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It’s not just China. Ukraine climbed to fourth in the top of charts of defence imports receiving weaponry from 30 countries. But here’s the bigger deal. The rise in US defence exports is also due to the fact that major European countries are replenishing their stockpiles as they move older stocks to Ukraine. All that translates into an across the board rise in European defence spending, pushed hard through the North Atlantic Treaty Organization as part of Europe’s ‘duty’ to it .The US recently sanctioned another $400 million as the third tranche of aid, even as the State Department approved a proposed “emergency sale” of High Mobility Artillery Rocket System (HIMARS) to Ukraine, funded by Germany, to be supplied from the army inventory. Germany bought $2.9 bn worth of medium-range missiles from RTX (formerly Raytheon). Poland bought HIMARS as well, manufactured by Lockheed Martin, even as it sent its weapons to Ukraine. Resultantly, Poland doubled its defence budget, and data indicates that Central and Eastern Europe are spending more on defence than they did in the Cold War. Germany follows the United Kingdom with the largest individual increases. The end effect? Skyrocketing returns for defence industry like Rolls Royce, (190 % return on equity) together with other US firms. European industries like Rheinmetall, Saab, and Leonardo are also seeing a share price growth of 367%, 244%, and 198% respectively. That was last year. As the China-US confrontation heats up, expect these figures to go up. Among the top 100 defence companies of the world, are China’s NORINCO, and China South Industries Group among others. The ‘winners’ in the Ukraine war may not all be from the US and Europe.

Everyone knows that defence industry thrives on war. Indeed, defence exports are part of US public policy. Add to that, the fact that the US spends more in its defence than the next nine countries combined. Those are public indicators. Less apparent is the clout they enjoy by funding select think tanks and projects to provide policy papers for legislators, and public consumption, which, in turn, is quoted heavily in other countries. It’s an industry that spans the globe and has a strong interest in creating and sustaining a hostile environment. The best that can be said of them is that at least the influence of US industry is known to an extent. Nothing at all is known about the influence of Chinese military giants that also now beginning to span the globe thanks to the Xi Jinping policy of expansionism. Remember that following the end of the Soviet Union, the US Congress, in a bid to get a ‘peace dividend’ was intent on cutting the defence budget. Out of the blue came the ‘intelligence’ that Iraq was going nuclear. It wasn’t, and everyone knew it. Wars therefore may be created out of thin air. And finally, as world defence spending rises to a record $2,440 bn ,much less is being spent on critical areas of the climate crisis and allied dangers of yet another pandemic as viruses cross barriers in a rapidly heating world. Parts of the world are quite literally on fire as forests disappear, while others are fighting unprecedented floods. It’s a crisis of unimaginable proportions. Yet all that is being talked about is the next ‘frontier’ in defence industry. Time to call a halt to this in a hugely more dangerous world.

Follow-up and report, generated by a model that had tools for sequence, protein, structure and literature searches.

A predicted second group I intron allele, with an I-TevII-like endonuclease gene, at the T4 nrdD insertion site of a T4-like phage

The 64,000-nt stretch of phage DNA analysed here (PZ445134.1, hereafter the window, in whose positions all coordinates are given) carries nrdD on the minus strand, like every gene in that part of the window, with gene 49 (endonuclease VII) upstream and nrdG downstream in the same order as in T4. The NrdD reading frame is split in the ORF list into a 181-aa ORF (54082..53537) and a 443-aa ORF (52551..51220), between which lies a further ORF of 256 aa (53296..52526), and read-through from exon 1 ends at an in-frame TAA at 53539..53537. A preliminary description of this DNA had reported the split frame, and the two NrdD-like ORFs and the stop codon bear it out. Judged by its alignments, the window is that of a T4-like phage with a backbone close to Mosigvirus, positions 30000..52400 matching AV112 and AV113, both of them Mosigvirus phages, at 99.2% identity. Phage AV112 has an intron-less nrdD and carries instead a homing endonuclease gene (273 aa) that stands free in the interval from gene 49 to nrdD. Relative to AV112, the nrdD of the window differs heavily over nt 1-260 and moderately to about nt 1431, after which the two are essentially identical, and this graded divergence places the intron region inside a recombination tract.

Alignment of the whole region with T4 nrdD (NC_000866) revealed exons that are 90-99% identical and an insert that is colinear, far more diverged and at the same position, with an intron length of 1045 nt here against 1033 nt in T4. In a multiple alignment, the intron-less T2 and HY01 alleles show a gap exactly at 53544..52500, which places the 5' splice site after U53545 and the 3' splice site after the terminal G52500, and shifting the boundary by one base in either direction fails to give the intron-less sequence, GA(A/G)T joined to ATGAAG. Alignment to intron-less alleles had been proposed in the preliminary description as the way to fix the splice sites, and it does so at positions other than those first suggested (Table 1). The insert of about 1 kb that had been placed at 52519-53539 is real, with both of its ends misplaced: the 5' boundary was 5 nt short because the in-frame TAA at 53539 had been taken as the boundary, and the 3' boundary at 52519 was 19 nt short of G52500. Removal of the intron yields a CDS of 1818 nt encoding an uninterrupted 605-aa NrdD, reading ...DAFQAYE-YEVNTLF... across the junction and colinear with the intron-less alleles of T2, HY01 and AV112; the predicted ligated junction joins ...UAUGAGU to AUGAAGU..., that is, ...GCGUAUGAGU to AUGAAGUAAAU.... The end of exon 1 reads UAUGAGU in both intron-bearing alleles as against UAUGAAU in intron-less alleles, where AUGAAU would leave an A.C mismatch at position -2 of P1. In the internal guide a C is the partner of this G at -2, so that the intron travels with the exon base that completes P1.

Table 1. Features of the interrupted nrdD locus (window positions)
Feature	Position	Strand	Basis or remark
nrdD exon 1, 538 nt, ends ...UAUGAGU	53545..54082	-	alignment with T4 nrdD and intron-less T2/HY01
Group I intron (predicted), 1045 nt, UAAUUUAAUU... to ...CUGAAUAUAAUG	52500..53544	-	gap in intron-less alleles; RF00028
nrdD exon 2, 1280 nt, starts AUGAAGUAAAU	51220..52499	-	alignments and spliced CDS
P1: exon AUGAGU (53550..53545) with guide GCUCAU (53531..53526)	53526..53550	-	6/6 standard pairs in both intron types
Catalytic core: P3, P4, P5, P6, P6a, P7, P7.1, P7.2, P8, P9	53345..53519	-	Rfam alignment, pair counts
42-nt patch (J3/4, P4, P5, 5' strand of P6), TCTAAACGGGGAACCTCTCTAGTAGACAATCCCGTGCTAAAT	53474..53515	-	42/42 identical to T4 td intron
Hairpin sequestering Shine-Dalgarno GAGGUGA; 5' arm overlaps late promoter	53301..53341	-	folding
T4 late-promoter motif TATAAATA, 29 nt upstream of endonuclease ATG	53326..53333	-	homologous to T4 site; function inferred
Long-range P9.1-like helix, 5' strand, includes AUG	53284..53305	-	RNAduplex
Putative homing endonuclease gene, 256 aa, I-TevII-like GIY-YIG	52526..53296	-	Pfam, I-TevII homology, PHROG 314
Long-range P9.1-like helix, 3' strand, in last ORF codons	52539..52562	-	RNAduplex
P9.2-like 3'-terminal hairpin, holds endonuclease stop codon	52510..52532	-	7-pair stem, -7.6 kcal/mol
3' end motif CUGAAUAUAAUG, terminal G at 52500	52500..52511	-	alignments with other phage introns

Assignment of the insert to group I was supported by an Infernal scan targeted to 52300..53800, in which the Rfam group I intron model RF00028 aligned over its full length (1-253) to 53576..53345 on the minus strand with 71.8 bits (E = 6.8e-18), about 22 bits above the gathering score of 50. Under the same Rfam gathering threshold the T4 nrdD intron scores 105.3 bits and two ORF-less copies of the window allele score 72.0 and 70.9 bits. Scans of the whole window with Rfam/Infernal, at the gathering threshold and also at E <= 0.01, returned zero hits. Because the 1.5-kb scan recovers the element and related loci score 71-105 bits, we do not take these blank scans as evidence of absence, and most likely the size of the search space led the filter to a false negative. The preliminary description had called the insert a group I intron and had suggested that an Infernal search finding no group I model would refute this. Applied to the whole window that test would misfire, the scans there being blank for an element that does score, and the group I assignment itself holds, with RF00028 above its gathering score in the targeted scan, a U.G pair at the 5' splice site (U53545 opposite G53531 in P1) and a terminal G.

This article is authored by Tara Kartha, director (R&A), Centre for Land Warfare Studies, New Delhi.